• WebXmlApplicationContext: This container loads the XML file with definitions of all beans from within a web application.

    XmlBeanFactory class

    The most commonly used BeanFactory implementation is the XmlBeanFactory class. This container reads the configuration metadata from an XML file and uses it to create a fully configured system or application.

    Spring IOC Containers

    There are two types of IoC containers:

    • Bean Factory container: This is the simplest container providing basic support for DI .The BeanFactory is usually preferred where the resources are limited like mobile devices or applet based applications

    • Spring ApplicationContext Container: This container adds more enterprise-specific functionality such as the ability to resolve textual messages from a properties file and the ability to publish application events to interested event listeners.

    Aspect-oriented programming - AOP

    Aspect-oriented programming, or AOP, is a programming technique that allows programmers to modularize crosscutting concerns, or behavior that cuts across the typical divisions of responsibility, such as logging and transaction management. The core construct of AOP is the aspect, which encapsulates behaviors affecting multiple classes into reusable modules.

    Benefits of IOC

    • Minimizes the amount of code in your application.

    • Makes your application easy to test as it doesn't require any singletons or JNDI lookup mechanisms in your unit test cases.

    • Loose coupling is promoted with minimal effort and least intrusive mechanism.

    • IOC containers support eager instantiation and lazy loading of services.

    Spring Dependency Injection Concept

    This concept says that you do not create your objects but describe how they should be created. You don't directly connect your components and services together in code but describe which services are needed by which components in a configuration file. A container (the IOC container) is then responsible for hooking it all up.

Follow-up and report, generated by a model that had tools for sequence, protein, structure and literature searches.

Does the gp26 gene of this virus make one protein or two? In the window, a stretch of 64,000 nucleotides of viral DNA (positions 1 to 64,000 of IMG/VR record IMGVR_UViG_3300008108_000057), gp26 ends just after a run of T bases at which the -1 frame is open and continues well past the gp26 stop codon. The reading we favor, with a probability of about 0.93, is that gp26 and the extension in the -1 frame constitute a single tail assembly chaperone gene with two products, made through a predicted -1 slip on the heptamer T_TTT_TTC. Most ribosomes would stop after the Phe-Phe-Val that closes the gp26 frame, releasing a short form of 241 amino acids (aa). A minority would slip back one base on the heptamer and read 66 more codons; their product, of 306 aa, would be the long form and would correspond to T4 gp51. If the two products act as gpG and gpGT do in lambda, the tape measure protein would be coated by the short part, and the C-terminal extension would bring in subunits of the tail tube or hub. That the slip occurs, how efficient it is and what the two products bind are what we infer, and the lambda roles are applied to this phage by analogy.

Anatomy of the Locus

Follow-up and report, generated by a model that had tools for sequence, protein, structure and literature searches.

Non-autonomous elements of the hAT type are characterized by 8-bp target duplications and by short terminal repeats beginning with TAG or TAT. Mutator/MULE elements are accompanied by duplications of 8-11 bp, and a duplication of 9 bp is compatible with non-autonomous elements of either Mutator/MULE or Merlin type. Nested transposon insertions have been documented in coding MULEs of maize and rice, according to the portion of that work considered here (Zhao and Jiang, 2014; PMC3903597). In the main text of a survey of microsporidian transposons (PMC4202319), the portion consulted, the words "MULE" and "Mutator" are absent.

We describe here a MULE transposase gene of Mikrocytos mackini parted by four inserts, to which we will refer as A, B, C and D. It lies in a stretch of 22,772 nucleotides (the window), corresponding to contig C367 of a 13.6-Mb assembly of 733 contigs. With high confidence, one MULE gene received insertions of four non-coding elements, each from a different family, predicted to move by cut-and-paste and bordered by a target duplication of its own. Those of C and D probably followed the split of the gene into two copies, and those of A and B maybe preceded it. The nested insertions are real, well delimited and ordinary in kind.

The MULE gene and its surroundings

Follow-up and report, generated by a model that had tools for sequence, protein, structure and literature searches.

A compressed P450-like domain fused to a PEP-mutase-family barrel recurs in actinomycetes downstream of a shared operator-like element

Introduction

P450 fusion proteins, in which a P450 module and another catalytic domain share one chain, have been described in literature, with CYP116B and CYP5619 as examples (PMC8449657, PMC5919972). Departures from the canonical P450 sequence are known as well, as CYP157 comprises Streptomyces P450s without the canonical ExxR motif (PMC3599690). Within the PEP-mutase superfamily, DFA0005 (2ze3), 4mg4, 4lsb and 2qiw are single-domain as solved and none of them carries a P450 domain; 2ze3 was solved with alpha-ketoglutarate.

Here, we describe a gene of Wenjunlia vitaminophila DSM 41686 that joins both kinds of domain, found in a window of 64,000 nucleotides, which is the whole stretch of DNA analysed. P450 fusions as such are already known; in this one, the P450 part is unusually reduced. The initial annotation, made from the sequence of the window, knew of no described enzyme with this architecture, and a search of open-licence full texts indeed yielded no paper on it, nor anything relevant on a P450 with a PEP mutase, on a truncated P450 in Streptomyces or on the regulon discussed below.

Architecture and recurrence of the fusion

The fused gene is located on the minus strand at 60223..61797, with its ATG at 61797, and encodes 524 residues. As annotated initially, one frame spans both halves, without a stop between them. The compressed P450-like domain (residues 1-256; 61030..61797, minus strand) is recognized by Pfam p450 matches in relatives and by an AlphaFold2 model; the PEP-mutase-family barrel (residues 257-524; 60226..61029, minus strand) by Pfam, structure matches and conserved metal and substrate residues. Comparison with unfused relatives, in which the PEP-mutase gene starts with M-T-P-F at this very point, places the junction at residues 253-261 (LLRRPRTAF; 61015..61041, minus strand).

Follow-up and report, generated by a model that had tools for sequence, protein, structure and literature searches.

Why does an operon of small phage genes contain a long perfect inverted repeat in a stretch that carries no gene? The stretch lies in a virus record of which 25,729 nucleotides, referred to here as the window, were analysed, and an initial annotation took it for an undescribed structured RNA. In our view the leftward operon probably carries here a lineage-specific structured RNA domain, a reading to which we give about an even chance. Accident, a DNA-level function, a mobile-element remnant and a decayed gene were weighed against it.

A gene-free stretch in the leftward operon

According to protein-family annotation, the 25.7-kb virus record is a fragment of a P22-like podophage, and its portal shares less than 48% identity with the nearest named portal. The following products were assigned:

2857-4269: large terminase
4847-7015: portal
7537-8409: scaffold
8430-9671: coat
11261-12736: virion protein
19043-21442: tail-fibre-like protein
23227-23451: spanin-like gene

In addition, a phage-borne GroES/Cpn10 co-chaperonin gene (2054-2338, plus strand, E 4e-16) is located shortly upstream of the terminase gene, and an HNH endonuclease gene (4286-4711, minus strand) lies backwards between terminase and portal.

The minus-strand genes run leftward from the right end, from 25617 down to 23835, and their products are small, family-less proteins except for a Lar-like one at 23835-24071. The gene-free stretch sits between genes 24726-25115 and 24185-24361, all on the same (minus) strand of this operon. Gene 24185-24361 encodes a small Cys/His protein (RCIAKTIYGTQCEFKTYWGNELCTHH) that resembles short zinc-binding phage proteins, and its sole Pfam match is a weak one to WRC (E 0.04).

2 Types:

     

    • Constructor-based dependency injection: Constructor-based DI is accomplished when the container invokes a class constructor with a number of arguments, each representing a dependency on other class.

    • Setter-based dependency injection: Setter-based DI is accomplished by the container calling setter methods on your beans after invoking a no-argument constructor or no-argument static factory method to instantiate your bean.

     

    Since you can mix both, Constructor- and Setter-based DI, it is a good rule of thumb to use constructor arguments for mandatory dependencies and setters for optional dependencies. Note that the use of a @Required annotation on a setter can be used to make setters required dependencies. The Spring IoC creates the objects, wire them together, configure them, and manage their complete lifecycle from creation till destruction. The Spring container uses dependency injection (DI) to manage the components that make up an application.

    Spring Modules

    • Core module

    • Bean module

    • Context module

    • JDBC module

    • ORM module

    • Expression Language module

    • OXM module

    • Java Messaging Service(JMS) module

    • Transaction module

    • Web module

    • Web-Servlet module

    • Web-Struts module

    • Web-Portlet module

    Spring Framework Benefits

    • Lightweight: Spring is lightweight when it comes to size and transparency. The basic version of spring framework is around 2MB.

    • Aspect oriented (AOP): Spring supports Aspect oriented programming and enables cohesive development by separating application business logic from system services.

    • Exception Handling: Spring provides a convenient API to translate technology-specific exceptions (thrown by JDBC, Hibernate, or JDO, for example) into consistent, unchecked exceptions.

    • Container: Spring contains and manages the life cycle and configuration of application objects.

    • MVC Framework: Spring's web framework is a well-designed web MVC framework, which provides a great alternative to web frameworks such as Struts or other over engineered or less popular web frameworks.

    • Transaction Management: Spring provides a consistent transaction management interface that can scale down to a local transaction (using a single database, for example) and scale up to global transactions (using JTA, for example).

    • Inversion of control (IOC): Loose coupling is achieved in spring using the technique Inversion of Control. The objects give their dependencies instead of creating or looking for dependent objects.

    Friday, October 18, 2013

    Thursday, October 10, 2013

    Tuesday, October 8, 2013